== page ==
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The intergeneric hybrid (nothogeneric) name ×Gastonialoe was published in CactusWorld for crosses with the parentage Gasteria × Gonialoe (Walker, 2017). The latter genus consists of just three species formerly included in Aloe: Gonialoe dinteri, G. sladeniana and G. variegata (Manning et al, 2014).

The cultivar ×Gastonialoe ‘Gordon Rowley’ was named to commemorate Gordon Rowley, long time champion of such hybridisation, as summarised in his new book (Rowley, 2017). This has the parentage Gasteria batesiana × Gonialoe variegata and is clearly intermediate between its parents.

At the time I somewhat prematurely noted that “interestingly, in the 27 years that I have grown this plant I do not recall it ever having flowered”. However, three plants have subsequently flowered, so this contribution to Plant of the Month is an update on my earlier description to include information on the flowering.

0618 Fig1xGastonialoe Gordon Ro

Fig. 1 xGastonialoe ‘Gordon Rowley’ in glorious flower in a 9cm diameter pot

The inflorescence is up to 25cm tall, unbranched with a single raceme up to 14cm long, with flowers very loosely (laxly) arranged (Fig. 1). Flowers are pendulous, up to 3cm long, with predominantly pink tepals, pale cream at the tips and a central green stripe. One of the parents, Gasteria batesiana, has a gasteriform perianth with only a slightly basal swelling and a modest curve, unlike other species in this genus which have very prominently basal swelling of the perianth. In most dimensions, therefore, this intergeneric hybrid has inflorescences and flowers smaller than either of its parents. In many respects the inflorescence is closer to that of its Gasteria parent. The three rosettes that have flowered are somewhat immature, so perhaps future flowering events might include taller, perhaps even branched, inflorescences produced by fully mature specimens.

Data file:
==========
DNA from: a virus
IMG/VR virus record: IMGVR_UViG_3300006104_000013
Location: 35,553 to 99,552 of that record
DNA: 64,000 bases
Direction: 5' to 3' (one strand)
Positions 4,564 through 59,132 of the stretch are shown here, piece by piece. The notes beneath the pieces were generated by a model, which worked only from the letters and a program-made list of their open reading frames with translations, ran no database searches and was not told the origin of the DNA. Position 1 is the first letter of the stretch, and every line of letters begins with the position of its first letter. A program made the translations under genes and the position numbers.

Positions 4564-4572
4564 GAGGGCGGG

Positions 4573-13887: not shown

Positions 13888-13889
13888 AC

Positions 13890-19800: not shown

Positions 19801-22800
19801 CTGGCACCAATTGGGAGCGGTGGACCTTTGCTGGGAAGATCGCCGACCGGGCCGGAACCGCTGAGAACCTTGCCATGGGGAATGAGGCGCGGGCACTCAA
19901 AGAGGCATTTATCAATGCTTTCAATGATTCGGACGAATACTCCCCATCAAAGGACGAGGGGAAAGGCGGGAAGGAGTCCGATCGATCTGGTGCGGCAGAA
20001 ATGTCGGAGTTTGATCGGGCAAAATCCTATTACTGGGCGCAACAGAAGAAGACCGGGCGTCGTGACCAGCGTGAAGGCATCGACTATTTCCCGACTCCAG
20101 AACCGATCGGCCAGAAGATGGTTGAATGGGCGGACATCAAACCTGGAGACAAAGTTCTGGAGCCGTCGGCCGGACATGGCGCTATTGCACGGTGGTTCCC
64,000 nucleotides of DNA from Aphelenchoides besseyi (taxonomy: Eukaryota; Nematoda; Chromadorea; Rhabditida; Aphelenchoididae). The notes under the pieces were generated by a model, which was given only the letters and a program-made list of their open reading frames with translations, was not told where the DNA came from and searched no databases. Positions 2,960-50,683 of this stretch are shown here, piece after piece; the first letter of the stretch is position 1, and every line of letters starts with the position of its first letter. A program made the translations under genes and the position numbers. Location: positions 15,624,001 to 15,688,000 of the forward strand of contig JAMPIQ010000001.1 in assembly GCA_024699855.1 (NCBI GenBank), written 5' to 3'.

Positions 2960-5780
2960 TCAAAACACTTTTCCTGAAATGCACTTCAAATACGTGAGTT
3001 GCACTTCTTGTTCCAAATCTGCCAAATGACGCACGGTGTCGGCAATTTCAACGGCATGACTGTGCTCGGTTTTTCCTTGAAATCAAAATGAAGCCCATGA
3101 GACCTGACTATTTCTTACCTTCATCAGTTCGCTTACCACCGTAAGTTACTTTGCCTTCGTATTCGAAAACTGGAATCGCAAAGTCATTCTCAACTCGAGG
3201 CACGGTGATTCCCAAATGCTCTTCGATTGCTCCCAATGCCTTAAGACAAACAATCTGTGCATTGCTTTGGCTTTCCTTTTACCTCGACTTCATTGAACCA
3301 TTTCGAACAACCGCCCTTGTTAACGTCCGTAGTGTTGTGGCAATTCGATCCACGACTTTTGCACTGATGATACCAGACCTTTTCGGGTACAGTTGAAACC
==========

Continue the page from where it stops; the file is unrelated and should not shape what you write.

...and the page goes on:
The immediate question is why I have had to wait 27 years to record flowering of this hybrid? As a partial explanation all I can offer are the following observations. In 2016 my largest clump of this hybrid was divided and the rosettes rooted separately. In the spring of 2017 these were potted up separately, so perhaps fresh potting compost and the mild Scottish climate have triggered flowering.

Finally I will reiterate that this is a very attractive plant that deserves to be widely grown. In comparison to Gonialoe variegata, which I personally do not find easy to grow at all well, the hybrid is robust, reasonably easy to grow and propagate and hence is closer to its Gasteria parent in terms of appeal in cultivation.

Colin C. Walker

References

Manning, J., Boatwright, J.S., Daru, B.H., Maurin, O. & van der Bank, M. (2014) A molecular phylogeny and generic classification of Asphodelaceae subfamily Alooideae: A final resolution of the prickly issue of polyphyly in the Alooids? Syst. Bot. 39: 55−74.

Rowley, G.D. (2017) Succulents in cultivation – breeding new cultivars. British Cactus & Succulent Society, Hornchurch, Essex.

Walker, C.C. (2017) A new intergeneric hybrid: x Gastonialoe ‘Gordon Rowley’. CactusWorld 35: 21–22.

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